Like many fencers, I approach any mention of “fencing!” in a game or movie with trepidation. I’m mainly looking at how “they” are going to screw things up and totally misrepresent fencing as a sport.

One of the most featured games in pre-launch was the “fencing” game in Wii Sports Resort. I saw the videos from E3 and the promotional stuff and just had to try it. After my really bad experience with Clone Wars: Jedi Duals, the bar was set pretty low.

More Kendo than Fencing

The Asian influence is apparent in the game. The Wii menu calls the game “swordfighting” and not “fencing”. Score +1 (for not trying to call it something it’s not.)

When you set up for the game, you’re put on a circular platform above the water (think dimensions of a wrestling mat) and are equipped with your “sword”, which resembles a kendo shinai, head guard, and chest guard.

The motions are simple. You hold the Wiimote vertically and swing it to swing your sword. Pulling the trigger (B button) activates blocks so you can move the wiimote to parry oncoming attacks from your opponent. Though the on screen tutorial suggests holding the wiimote with two hands (like you would do in kendo), I used one hand.

Fun Gameplay

I wanted to see what you could do with the game, so instead of just swinging away and wailing on my opponent, I held back to see what the parry system would be like. The earlier opponents are like your U rated fencers – they wind up and you know exactly where they are going to strike. Parries are executed as traditional sabre guards – 3, 4, and 5 will do just fine.

When you make a successful block, the attacker is “stunned” for a second which gives you the time to make your riposte. As you make successful hits to your opponent, they are driven back until they fall off of the mat, to fall American Gladiators style into the pool below.

Worth it

Overall, the gameplay of the swordfighting game lives up to its billing. You can just wail away and get past the first few opponents quickly, but the higher skilled computer opponents are better at shifting attack and defense and mix up their patterns a little better.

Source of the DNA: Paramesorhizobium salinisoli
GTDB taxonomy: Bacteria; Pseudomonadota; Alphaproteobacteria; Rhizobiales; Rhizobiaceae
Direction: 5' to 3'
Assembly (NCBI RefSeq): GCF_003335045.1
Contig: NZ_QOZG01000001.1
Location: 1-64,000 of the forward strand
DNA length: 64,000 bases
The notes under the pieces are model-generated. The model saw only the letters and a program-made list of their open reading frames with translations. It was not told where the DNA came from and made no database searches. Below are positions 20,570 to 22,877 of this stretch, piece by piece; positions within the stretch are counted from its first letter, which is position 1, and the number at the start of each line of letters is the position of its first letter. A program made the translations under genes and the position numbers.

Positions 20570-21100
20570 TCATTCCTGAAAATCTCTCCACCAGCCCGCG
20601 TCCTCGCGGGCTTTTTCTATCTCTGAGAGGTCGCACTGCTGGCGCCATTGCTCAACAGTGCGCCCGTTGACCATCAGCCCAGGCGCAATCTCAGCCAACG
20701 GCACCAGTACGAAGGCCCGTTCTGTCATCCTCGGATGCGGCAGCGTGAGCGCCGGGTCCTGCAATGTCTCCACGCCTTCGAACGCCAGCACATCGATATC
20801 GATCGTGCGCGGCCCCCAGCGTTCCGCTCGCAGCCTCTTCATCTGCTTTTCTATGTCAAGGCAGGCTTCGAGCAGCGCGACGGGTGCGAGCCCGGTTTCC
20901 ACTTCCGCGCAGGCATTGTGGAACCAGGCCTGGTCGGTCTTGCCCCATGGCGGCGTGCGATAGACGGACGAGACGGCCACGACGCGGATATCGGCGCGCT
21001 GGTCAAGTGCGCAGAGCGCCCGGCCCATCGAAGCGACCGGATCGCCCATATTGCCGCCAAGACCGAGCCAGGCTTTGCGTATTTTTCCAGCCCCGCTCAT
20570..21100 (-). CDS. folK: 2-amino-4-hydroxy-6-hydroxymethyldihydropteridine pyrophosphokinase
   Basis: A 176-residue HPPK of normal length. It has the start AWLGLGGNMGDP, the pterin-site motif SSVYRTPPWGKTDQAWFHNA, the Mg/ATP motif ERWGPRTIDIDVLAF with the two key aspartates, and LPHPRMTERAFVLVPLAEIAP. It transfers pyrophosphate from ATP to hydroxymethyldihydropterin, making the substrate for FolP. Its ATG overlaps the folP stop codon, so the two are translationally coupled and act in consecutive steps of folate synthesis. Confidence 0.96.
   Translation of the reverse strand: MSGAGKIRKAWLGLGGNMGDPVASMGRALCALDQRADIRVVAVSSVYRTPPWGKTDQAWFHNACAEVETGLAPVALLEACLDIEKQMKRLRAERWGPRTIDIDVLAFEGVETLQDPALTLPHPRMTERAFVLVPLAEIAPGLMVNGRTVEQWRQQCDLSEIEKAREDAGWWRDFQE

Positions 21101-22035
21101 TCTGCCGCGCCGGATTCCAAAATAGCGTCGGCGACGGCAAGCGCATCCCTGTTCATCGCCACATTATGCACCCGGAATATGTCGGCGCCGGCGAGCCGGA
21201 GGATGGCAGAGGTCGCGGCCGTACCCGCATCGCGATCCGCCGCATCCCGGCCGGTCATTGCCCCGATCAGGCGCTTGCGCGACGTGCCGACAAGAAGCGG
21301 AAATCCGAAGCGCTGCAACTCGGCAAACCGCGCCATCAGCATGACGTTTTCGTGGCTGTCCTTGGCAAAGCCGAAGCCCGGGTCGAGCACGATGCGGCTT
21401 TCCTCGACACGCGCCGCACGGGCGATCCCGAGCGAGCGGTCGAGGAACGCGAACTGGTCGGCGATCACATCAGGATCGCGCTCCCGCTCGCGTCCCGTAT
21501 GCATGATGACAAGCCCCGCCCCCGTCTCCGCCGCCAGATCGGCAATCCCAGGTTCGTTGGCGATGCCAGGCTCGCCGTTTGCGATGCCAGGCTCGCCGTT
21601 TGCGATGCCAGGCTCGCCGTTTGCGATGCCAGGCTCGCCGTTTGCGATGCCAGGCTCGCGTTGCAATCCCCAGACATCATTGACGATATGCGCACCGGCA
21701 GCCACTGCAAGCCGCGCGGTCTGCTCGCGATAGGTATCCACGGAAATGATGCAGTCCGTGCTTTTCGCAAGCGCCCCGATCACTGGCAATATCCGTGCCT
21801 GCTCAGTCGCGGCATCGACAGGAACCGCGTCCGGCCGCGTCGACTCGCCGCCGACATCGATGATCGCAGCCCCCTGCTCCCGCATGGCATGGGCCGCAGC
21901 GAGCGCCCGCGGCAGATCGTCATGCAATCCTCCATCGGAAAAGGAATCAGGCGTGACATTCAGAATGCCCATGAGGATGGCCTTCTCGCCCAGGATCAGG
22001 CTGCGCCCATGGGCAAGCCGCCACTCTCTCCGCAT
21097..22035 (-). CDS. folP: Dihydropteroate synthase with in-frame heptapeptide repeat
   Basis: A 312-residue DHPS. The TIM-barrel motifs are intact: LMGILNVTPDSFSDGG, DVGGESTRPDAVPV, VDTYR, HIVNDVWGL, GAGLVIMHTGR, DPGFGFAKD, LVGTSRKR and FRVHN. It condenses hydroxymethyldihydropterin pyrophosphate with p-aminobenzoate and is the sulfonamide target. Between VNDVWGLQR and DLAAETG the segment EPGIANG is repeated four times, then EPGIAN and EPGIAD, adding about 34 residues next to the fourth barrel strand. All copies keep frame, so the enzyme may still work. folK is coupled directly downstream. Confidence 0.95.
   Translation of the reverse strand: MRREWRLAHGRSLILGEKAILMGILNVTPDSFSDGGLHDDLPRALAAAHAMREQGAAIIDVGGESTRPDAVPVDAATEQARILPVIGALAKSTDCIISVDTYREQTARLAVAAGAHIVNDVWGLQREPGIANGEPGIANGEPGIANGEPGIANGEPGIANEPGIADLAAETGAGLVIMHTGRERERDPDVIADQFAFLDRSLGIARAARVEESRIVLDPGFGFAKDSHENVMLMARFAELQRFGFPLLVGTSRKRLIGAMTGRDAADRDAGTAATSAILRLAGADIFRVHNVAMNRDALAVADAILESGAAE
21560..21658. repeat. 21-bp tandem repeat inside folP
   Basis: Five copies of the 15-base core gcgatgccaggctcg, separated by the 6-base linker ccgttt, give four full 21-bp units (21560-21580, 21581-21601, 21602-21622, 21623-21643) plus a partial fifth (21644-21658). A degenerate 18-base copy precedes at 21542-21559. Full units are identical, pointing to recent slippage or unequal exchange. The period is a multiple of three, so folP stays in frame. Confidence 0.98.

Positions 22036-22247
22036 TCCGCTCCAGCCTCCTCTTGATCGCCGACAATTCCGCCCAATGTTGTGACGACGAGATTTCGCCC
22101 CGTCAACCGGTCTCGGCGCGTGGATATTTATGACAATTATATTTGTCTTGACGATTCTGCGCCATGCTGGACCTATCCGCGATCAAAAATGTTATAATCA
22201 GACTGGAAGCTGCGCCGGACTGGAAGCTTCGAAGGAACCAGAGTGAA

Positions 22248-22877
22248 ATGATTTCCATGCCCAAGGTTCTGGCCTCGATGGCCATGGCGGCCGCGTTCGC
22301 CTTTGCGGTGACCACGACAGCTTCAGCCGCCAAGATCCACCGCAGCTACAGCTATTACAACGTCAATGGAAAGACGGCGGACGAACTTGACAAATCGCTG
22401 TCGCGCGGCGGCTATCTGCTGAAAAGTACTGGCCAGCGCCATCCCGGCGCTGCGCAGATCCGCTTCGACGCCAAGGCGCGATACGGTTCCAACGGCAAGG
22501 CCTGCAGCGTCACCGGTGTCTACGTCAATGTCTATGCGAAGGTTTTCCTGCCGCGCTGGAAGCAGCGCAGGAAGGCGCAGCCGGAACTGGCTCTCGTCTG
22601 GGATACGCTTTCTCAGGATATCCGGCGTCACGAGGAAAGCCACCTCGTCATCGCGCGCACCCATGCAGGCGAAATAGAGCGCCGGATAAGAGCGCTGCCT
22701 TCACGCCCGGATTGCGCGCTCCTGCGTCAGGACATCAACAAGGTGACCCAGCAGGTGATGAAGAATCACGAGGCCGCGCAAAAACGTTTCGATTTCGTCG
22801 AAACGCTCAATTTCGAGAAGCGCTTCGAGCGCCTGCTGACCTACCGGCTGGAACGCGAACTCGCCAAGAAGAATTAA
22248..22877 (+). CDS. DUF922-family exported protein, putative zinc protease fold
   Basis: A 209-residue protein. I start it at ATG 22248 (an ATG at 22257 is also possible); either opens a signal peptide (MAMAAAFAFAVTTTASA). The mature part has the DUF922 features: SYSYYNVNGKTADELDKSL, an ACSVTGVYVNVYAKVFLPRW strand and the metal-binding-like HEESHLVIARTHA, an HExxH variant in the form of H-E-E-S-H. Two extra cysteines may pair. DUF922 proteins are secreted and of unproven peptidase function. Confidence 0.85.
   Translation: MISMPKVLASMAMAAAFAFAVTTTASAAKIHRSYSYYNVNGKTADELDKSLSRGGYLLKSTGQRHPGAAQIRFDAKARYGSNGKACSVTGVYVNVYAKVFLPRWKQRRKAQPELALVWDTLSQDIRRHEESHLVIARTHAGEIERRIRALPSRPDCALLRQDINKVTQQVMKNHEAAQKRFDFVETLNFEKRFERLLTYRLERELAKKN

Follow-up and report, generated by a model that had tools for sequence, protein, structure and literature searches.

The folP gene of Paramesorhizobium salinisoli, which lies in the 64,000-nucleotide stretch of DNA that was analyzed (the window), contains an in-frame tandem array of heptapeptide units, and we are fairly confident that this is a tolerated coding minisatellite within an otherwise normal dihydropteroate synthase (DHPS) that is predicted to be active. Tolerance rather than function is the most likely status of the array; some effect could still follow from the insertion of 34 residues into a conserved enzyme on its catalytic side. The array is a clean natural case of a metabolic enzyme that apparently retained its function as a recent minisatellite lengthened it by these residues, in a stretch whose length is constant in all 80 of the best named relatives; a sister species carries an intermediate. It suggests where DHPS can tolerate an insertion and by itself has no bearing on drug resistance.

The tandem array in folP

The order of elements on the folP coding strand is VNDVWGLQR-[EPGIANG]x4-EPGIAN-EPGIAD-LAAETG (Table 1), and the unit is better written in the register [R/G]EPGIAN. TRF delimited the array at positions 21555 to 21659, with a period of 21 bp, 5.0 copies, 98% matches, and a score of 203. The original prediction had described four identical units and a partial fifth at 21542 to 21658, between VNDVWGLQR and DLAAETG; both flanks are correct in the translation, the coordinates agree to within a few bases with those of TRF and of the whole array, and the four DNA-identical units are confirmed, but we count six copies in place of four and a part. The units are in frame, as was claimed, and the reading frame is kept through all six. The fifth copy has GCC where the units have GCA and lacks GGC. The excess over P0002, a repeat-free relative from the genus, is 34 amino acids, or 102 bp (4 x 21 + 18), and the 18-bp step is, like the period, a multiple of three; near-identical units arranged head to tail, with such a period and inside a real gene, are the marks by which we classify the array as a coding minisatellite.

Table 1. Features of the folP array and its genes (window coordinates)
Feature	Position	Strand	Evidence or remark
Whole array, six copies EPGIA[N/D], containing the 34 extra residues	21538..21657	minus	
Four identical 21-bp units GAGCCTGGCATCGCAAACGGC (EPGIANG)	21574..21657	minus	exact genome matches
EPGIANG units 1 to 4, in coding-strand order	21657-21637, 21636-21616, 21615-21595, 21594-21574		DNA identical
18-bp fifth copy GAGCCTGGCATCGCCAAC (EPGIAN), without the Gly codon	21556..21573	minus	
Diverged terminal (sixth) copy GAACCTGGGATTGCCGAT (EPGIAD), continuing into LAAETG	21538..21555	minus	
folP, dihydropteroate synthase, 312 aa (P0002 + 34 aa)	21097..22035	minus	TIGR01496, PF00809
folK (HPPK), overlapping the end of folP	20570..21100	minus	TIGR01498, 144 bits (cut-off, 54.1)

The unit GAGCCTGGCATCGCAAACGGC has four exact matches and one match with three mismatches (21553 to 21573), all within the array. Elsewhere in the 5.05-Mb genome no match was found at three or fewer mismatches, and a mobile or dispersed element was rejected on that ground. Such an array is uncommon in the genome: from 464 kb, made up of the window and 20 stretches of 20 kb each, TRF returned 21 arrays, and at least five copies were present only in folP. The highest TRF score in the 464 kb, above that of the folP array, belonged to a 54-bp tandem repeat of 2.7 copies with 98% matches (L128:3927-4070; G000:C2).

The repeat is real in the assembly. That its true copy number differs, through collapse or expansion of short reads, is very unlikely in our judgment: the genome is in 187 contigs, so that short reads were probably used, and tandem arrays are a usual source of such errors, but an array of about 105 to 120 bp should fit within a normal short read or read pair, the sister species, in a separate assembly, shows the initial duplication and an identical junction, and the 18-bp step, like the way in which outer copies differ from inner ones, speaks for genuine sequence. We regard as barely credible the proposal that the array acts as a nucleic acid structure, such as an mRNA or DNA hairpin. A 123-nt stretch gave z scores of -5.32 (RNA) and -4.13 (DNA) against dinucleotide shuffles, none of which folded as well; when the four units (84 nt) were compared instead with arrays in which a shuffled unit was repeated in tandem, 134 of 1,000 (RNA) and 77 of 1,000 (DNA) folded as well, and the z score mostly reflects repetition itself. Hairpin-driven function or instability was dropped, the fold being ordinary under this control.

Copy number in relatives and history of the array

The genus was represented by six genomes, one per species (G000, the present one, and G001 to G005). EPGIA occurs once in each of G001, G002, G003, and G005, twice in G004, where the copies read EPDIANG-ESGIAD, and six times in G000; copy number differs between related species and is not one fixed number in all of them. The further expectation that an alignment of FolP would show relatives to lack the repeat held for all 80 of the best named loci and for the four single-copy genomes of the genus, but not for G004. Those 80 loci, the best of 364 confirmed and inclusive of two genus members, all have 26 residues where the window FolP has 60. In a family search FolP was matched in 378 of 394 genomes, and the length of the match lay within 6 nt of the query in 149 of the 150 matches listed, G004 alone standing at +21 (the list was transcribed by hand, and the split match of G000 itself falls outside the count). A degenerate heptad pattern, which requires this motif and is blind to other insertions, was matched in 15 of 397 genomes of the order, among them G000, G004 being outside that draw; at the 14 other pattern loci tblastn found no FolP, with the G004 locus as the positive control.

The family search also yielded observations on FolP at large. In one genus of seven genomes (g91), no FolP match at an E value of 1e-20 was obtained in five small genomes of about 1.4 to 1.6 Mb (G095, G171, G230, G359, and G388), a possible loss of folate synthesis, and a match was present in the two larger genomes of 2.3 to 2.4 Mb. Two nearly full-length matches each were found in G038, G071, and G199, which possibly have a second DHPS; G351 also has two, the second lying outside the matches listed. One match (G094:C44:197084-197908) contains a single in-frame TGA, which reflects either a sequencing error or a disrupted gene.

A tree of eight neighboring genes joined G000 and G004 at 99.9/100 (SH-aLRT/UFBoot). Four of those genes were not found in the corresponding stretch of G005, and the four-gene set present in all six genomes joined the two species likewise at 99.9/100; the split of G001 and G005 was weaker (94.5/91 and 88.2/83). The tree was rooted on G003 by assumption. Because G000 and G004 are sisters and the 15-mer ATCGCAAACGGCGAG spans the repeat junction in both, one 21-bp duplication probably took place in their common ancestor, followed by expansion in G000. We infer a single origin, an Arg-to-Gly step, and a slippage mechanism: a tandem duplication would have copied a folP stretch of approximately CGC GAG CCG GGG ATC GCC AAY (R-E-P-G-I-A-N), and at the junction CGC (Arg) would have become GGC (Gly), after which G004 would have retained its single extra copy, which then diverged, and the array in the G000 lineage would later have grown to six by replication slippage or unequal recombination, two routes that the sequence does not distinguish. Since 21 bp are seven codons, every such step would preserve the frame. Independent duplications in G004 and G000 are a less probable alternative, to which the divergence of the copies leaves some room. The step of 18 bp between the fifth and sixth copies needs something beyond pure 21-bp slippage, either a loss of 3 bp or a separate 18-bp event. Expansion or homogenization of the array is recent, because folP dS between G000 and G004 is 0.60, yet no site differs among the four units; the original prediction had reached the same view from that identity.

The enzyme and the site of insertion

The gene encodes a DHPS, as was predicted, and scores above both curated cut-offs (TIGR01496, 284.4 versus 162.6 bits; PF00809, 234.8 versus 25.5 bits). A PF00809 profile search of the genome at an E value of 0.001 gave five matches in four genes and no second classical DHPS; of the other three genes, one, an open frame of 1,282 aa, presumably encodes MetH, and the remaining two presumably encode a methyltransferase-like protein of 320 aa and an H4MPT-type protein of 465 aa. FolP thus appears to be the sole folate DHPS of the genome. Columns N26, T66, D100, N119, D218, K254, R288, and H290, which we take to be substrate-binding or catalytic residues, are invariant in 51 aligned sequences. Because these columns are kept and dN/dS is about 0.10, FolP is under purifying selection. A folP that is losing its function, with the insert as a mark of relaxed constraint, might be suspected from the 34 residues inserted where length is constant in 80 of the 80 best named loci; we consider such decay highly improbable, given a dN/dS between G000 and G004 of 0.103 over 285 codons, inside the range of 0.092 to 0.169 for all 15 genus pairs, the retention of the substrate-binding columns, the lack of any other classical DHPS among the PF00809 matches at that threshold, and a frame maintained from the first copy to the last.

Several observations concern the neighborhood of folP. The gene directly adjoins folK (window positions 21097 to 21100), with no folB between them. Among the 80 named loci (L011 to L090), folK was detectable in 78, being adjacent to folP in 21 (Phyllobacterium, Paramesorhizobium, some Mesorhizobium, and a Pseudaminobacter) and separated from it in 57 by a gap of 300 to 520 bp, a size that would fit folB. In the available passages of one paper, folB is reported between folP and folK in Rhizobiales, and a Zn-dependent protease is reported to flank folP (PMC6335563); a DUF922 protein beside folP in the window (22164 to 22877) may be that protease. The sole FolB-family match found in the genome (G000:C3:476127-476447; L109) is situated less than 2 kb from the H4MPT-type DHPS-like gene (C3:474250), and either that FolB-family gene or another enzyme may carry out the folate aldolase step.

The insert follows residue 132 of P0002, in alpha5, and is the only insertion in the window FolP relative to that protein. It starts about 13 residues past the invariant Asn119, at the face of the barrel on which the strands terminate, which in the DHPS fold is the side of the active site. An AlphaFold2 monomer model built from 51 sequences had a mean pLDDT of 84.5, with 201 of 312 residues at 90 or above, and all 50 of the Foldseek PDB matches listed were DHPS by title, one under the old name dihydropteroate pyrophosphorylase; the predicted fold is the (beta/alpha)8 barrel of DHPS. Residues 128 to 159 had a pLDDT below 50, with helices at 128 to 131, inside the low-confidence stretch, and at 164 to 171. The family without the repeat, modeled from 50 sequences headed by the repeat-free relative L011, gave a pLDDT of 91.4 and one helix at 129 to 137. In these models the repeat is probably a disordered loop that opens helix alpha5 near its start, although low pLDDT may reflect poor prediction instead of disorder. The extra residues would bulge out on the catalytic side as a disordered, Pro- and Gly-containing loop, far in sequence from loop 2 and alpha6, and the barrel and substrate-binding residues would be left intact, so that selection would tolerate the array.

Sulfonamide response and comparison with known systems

While Wii Sports Resort does come with the Wii Motion Plus sensor add-on, you’ll need to purchase additional ones (at about $20 each) for your other wiimotes to be able to do one-on-one duals with your family and friends. (I haven’t purchased the additional Wii Motion Plus yet.)

My kids (4 and 6) enjoy just having another version of “lightsabre fighting” and wail away at their opponents. I’m enjoying setting up parry-riposte combos and testing out various tactics. (By the way, you can thrust and hit in this game.)

The lack of footwork control is a drawback, but it really does simplify the gameplay. (I would prefer some sort of way to dodge or get out of distance similar to Punch Out.)

Fun Games Unlocked after Duals

The other swordfighting games are a cutting challenge and then “running the gauntlet”. Do the cutting challenge once to unlock the 3rd game, where you are the typical kung-fu hero fighting through the horde of bad guys until you reach the “big boss” (who really isn’t that great either).

Adventure Mode: Video

I’ve only played that game once, but it was a lot of fun having my Mii run across a rope bridge cutting through 20 opponents in just a few seconds!

Next up: Archery

Of the other games I’ve played so far Archery has been the big hit. Takes patience but it’s cool and makes me really want to find a place to learn and shoot a real bow.

I got my version of Wii Sports Resort from

What did you think of it?